Shadow Government

A Ukrainian Solution for Venezuela

There are many differences between the popular uprisings in Ukraine and those in Venezuela, but similarities exist. In each, a government that once won an election squandered its legitimacy through a combination of widespread abuse, corruption, and incompetence. Now that an encouraging solution has been ostensibly found in Kiev, one way in which that result was reached may hold the key for a similar end to the crisis in Caracas.

According to U.S. Deputy National Security Advisor Tony Blinken (interviewed on Feb. 21 by Jake Tapper of CNN), in the days prior to the Ukraine breakthrough the United States finally joined the European Union in announcing sanctions. The U.S. undertook to "revoke the visas of officials and oligarchs" supportive of the corrupt, authoritarian President Viktor Yanukovych and seize their financial holdings in the U.S. and Europe. This is how the Wall Street Journal reported it:  "After the worst clashes on Thursday, the U.S. and E.U., after weeks of dithering, imposed sanctions. Cracks in the regime opened wide enough to make Friday's deal possible."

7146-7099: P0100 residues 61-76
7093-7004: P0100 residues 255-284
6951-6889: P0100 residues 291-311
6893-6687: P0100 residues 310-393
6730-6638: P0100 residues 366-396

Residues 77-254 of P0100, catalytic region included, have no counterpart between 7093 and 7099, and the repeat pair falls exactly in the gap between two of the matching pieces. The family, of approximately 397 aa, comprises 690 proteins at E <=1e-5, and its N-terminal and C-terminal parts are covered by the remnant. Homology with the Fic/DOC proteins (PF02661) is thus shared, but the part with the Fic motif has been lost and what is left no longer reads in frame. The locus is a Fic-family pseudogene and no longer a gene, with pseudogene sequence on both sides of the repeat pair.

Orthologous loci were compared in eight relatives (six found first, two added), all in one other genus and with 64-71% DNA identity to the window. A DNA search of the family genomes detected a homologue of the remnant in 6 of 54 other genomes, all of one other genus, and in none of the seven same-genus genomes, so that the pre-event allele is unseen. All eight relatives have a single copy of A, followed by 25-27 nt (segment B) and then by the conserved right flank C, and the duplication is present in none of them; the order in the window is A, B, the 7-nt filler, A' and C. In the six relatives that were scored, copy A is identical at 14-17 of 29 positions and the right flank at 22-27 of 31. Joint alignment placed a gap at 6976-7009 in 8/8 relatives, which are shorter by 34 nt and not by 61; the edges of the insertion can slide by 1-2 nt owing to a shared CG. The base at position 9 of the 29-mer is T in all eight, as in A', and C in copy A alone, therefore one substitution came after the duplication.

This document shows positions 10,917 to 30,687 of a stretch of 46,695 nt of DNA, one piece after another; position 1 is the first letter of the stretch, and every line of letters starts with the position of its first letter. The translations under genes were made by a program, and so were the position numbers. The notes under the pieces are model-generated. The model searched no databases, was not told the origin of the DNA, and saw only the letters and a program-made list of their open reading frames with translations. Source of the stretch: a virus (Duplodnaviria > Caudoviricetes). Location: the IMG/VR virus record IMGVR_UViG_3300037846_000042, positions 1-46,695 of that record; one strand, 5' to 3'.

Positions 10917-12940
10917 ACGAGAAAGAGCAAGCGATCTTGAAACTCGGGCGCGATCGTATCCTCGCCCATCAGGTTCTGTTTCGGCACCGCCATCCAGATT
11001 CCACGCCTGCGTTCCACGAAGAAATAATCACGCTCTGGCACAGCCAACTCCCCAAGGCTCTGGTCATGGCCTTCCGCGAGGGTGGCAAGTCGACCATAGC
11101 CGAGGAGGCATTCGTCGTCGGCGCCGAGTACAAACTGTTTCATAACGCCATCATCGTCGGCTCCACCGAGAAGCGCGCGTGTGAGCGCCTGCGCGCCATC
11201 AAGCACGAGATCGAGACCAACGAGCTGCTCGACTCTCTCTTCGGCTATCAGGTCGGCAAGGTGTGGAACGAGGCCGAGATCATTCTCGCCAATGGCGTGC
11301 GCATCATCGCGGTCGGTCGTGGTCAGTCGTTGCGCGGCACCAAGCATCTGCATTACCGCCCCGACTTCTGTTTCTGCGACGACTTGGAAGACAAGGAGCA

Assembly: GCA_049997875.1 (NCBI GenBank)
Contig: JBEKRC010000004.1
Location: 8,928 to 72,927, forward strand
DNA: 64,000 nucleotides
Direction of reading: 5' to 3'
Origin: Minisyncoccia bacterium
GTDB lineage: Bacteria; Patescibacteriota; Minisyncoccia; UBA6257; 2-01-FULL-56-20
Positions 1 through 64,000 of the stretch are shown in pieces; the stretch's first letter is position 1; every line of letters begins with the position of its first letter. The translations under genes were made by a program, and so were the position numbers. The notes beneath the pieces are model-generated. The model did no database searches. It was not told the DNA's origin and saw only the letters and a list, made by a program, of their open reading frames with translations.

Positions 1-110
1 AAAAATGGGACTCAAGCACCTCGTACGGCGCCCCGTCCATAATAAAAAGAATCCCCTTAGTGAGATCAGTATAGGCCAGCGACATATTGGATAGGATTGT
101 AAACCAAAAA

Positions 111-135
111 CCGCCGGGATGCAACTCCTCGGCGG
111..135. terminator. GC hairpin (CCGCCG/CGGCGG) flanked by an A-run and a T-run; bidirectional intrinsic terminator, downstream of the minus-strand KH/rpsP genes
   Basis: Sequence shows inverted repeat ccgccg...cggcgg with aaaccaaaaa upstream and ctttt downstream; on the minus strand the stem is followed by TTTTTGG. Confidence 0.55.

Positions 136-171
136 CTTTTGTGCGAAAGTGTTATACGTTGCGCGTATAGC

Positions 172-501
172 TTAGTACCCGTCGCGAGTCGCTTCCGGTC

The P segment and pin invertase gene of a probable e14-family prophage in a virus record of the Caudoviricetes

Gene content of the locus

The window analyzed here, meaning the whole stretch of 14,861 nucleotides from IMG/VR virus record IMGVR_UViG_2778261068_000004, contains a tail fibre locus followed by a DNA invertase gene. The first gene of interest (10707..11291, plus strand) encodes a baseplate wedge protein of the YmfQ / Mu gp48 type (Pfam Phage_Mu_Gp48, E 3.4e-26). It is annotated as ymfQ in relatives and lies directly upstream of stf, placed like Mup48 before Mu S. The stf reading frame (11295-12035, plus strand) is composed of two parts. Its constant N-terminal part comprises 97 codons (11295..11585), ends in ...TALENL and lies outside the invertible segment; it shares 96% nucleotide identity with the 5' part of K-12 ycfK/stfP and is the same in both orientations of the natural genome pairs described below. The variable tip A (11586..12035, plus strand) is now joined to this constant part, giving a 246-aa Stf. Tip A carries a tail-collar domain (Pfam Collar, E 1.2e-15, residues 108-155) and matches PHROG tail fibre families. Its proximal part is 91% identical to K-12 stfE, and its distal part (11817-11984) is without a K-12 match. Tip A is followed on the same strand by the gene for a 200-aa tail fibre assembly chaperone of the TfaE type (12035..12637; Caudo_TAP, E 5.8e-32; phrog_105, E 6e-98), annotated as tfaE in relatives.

Why the U.S. took so long to use this low-cost yet immensely effective tool is a mystery.  Anyone who has had the privilege of serving as a U.S. ambassador knows that granting or denying U.S. visas is one of the most powerful -- and sensitive -- instruments an embassy has.  If an embassy wants to make a friend quickly, or lose one even faster, just grant or deny entry to the U.S. to a self-important local official or tycoon.

The same threat that apparently helped steer the Ukraine crisis toward a happy ending (at least for most Ukrainians, the U.S. and the West, if not for Vladimir Putin) can be applied to Venezuela. In response to the violent repression of peaceful demonstrations by the Socialist government of Nicolas Maduro, the U.S. should quietly notify Venezuela's generals and oligarchs that if the violence against unarmed civilians continues, or if the government refuses to negotiate with the opposition and release all political detainees, they and their families will have their U.S. visas revoked and their overseas financial holdings frozen.

It will come as a surprise to many Americans that on many Friday afternoons Florida airports see a rush of jets arriving from "revolutionary" Venezuela, carrying the families, friends, and business associates of that country's political, military and economic elite -- and in many cases, the potentates themselves: the military officers and civilian ministers of government.